Glass. Kill. Bluebeard. Imp.

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Toby Jones, Louisa Harland and Deborah Findlay – image by Johan Persson

Glass. Kill. Bluebeard. Imp. by Caryl Churchill – Royal Court Theatre, London

A new Caryl Churchill play is an event, and four at once is an unmissable treat. Churchill, without ever seeking the accolade, has become widely acknowledged as the greatest living British playwright in recent years, wider appreciation of her work helped by National Theatre revivals of Top Girls and A Light Shining in Buckinghamshire. However, her mastery of form means there’s no knowing what she will come up with next – a very exciting prospect from a writer whose creativity shows no signs of dimming. Glass, Kill, Bluebeard and Imp are short plays, starting with the shortest and ending with the longest, with entirely different settings but linked by the themes of the intrusion of myth and superstition into reality. They are all extraordinary.

Glass is set partly on a mantlepiece, where a girl made of glass exists both in the world of humans and of ornaments. She is transparent and brittle – everyone can see what she feels by looking through her. It is very strange and very compelling, with everyday teenage scenes cut through with the impossible. Kill is a tour de force for writer and performer, with Tom Mothersdale as a Greek god sitting on a cloud recounting, in bemused tones, the endlessly complex and grim sequence of events that culminated in the story of Oedipus. The insanely violent story exposes the metaphysical as a very thin cloak indeed for the worst humans can do. Kill, the final play in the first half, is both funny and horrible, as a group of friends share their disbelief that their friend Bluebeard was a wife killer and, in a succession of short scenes, gauge their #metoo era reactions. It is not long before they are releasing murder merchandise.

The scene change between these three plays are covered by a juggler and an acrobat, whose performances to melancholy circus music question our need for entertainment. This touch is typical of James Macdonald’s production, which is exceptionally sharp, cleverly use minimal changes of position to move between scenes. The plays appear inside a black box where, in Miriam Buether designs, the action is floats on a shelf, carpet or cloud. The final play, Imp, takes place on a sofa and armchair, and is both the most ordinary and the strangest part of the evening. Dot (Deborah Findlay) and Jimmy (Toby Jones) are cousins, sharing a house, with little in their lives. Their niece, Niamh (Louisa Harland) comes by often and meets another visitor, the homeless Rob (Tom Mothersdale). On the face of it, nothing much happens, but the dialogue is intense, precise and haunted by myth. Jimmy keeps recounting stories he’s heard that sound strangely like King Lear or Romeo and Juliet; Niamh is afraid she may get sucked in by things she can’t control; and Dot, a nurse imprisoned for violence, has an imp in a bottle. The implied intrusion of the supernatural into an everyday setting is brilliantly handled, and reminiscent of Annie Baker’s John as well as Pinter characters who talk about nothing and everything.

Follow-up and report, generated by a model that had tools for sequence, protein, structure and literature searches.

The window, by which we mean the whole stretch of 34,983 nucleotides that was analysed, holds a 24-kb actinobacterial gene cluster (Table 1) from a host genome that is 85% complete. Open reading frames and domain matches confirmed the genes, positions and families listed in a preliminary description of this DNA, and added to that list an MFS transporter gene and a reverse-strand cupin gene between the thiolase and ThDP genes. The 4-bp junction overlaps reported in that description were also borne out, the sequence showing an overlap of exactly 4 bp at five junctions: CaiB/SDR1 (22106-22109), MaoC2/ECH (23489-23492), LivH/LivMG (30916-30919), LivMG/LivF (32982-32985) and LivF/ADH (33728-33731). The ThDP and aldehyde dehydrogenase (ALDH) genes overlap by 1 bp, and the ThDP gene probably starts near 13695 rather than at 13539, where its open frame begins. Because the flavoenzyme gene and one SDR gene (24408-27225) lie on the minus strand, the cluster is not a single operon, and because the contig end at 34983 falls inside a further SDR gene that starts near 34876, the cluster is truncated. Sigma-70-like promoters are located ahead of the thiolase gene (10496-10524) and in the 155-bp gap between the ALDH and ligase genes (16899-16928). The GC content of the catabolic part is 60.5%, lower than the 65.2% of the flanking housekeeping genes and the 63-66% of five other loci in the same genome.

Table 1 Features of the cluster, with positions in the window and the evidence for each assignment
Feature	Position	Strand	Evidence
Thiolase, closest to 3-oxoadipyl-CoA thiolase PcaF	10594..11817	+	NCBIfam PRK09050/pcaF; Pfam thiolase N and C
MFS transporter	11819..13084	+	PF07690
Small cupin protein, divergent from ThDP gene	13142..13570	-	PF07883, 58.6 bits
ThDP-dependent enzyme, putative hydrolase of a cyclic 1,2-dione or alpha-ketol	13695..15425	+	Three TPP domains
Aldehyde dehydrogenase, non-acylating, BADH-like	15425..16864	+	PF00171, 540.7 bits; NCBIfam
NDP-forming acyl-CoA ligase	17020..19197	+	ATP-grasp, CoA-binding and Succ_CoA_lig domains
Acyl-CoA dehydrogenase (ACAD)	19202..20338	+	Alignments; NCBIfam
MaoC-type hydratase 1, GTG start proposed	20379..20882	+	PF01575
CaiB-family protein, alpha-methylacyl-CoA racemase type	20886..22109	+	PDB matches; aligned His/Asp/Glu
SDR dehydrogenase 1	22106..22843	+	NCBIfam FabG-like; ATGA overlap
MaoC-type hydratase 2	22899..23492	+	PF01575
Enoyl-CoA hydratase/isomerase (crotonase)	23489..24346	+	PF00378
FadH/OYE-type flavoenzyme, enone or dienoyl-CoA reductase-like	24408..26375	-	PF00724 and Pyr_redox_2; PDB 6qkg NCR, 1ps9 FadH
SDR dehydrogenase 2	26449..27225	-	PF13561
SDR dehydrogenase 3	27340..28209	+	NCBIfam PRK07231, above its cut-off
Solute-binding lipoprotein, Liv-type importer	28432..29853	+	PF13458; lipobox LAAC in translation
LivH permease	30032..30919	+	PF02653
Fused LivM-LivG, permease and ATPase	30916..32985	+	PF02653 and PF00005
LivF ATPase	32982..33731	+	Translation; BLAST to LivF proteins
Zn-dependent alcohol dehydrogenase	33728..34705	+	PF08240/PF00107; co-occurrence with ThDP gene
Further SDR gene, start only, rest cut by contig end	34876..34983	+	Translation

Churchill’s fine writing has the cast to match, with performances of the highest standard, not only from Findlay, Jones, Mothersdale and Harland, but across all four plays with, for example, Kwabenah Ansah as a self-regarding clock in Glass and Sarah Niles as a woman who nearly married Bluebeard. The evening is an essential piece of new writing – edgy, haunting and disconcertingly relevant and Churchill, at the age of 81, is still the playwright for our times.

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